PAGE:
The fine jasper-ware portrait medallions of the famous and the well connected are eagerly sought after today by ceramics collectors and are scattered throughout the world bringing high prices wherever they turn up which can be anywhere from New Zealand to a sale room in the Orkneys.

But decorated creamware has also held its value over the years - even more so today, as rare Wedgwood pieces seem to have faded from the market. The greatest of Wedgwood's achievements in this field was the celebrated Imperial Russian Service he made and decorated for Catherine the Great - the Empress of Russia.

Undecorated, the dinner service with its endless plates, tureens, sauce boats and so on would have cost a purchaser (at the time) pounds 51.8s.4d. When it was finally decorated with magnificent scenes of English country houses the service finally cost the Empress pounds 3,500 - a colossal sum for the time of which the cost to Wedgwood was pounds 3000.

Wedgwood's letters which surround and extend our knowledge of the plans for this amazing service and its final completion, reveal a man who was required to be a diplomat as well as the factory owner at Etruria.

But the service in all its magnificence established Wedgwood creamware at the highest social level.

Initially he writes to his business associate in Birmingham, Matthew Boulton, of his hopes that the English Ambassador at the Russian Court will be able to introduce a Wedgwood Ceramics to Russian notables. A plate 'with gold burnished in,' was shown to the Ambassadors wife and was an example of Wedgwood's quality work. Then, Josiah speaks to Boulton of other concerns, notably of the possibility of displaying Wedgwood samples at special presentations to be given at other royal courts in 'Germany or Europe.'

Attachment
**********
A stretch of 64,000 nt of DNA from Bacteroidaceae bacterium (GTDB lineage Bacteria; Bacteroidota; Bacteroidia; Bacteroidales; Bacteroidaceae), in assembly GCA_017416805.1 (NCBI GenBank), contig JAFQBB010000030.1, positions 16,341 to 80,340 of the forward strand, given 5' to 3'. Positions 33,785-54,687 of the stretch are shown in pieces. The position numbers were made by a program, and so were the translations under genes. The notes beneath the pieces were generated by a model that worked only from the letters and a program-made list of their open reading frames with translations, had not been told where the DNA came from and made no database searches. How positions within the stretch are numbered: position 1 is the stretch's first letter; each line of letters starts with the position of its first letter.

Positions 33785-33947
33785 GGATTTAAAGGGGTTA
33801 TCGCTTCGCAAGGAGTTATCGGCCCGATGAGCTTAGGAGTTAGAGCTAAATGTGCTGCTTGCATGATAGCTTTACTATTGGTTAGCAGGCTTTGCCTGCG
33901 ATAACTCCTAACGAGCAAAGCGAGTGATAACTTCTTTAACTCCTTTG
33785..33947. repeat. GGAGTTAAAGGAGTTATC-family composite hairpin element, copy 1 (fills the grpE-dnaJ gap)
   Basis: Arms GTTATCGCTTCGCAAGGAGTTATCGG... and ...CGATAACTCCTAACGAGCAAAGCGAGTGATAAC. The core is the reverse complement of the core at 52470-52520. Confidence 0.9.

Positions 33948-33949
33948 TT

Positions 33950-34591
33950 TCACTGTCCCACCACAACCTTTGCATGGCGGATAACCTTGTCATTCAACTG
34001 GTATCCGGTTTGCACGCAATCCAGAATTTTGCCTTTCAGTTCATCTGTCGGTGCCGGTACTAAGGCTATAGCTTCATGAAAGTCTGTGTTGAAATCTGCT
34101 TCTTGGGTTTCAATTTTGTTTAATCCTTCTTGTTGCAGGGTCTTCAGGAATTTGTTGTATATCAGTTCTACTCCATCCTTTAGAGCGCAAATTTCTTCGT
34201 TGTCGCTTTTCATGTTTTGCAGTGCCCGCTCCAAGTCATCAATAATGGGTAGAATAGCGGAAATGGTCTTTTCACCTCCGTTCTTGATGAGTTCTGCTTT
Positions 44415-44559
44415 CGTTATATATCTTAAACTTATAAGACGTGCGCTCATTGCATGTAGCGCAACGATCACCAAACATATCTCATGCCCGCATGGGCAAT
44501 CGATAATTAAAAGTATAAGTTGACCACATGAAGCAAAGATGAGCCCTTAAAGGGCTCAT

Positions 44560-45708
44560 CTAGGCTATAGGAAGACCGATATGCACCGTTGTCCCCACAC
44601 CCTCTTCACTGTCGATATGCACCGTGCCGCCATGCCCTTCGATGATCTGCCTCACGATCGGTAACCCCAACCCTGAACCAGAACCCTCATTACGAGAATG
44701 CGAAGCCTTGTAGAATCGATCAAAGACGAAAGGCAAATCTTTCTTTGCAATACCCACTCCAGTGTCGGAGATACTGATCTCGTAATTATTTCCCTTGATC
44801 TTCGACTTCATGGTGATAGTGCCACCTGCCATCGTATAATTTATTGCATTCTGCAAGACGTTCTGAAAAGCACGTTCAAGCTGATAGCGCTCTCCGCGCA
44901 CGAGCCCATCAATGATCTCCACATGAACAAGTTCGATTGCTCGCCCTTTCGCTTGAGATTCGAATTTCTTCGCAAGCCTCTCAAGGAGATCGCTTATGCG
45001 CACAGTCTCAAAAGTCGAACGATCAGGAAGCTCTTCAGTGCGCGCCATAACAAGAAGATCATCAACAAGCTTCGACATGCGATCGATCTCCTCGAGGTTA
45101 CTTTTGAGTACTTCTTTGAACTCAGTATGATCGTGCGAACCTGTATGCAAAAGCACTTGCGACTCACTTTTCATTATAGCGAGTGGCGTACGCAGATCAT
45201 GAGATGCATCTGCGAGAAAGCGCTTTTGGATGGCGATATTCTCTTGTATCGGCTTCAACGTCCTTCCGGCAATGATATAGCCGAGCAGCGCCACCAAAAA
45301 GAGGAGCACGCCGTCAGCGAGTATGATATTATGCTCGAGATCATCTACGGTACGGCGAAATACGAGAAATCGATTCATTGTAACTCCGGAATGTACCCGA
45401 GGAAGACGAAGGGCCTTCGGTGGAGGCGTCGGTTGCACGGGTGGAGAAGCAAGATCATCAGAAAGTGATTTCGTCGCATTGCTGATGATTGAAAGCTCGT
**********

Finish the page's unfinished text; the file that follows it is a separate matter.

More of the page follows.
Finally, the British Consul in St. Petersburg, was commissioned to instruct Wedgwood to proceed with the service for Catherine the Great. Each piece carried an English view or landmark of interest and a green frog was used as the crest for each piece since the service would eventually be used by the empress in her palace of 'La Grenouillere (or 'the froggery').

Completed in 1775 the service consisted finally of 952 separate items and it is today almost impossible to get your head around the fact that these fragile things would have travelled by carriage, cart or boat to Russia wrapped in straw.

The finest items were three ice pails designed by Wedgwood himself. He called them 'glaciers' and, surmounted by a trio of Graces they eventually contained creams and jellies. Interestingly enough, a few years ago Wedgwood brought out a series of reproductions of the Frog Service. Whether these things are still available today is something I cannot answer but the example I borrowed to examine for this column shows a 'View of a Pavilion in Lord Hardwick's Park, Wimple'. The little green frog still sits on the crest of the plate just as Catherine the Great originally ordered and happily it cost my friend pounds 10 only from a junk shop. She is still looking for the other five.

The 19th century brought changes in art and artists. Walter Crane (1845-1915) was among them as was the great Emile Lessore, whose work will be displayed at the NEC fair in November.

Later came Daisy Makeig Jones and 'Fairyland lustre,' still a favourite today in the sale rooms where with its goblins, fairies and magic scenes of spiders webs in fairy woods continues, with its jewel-like colours to command high prices.

The Art of Wedgwood Celebrated will be at the NEC autumn Antiques For Everyone Fair from Thursday November 27 - 30.


Josiah Wedgwood; A Wedgwood domestic employment teapot; A 5ft Lessore vase
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Publication:The Birmingham Post (England)
Date:Nov 8, 2003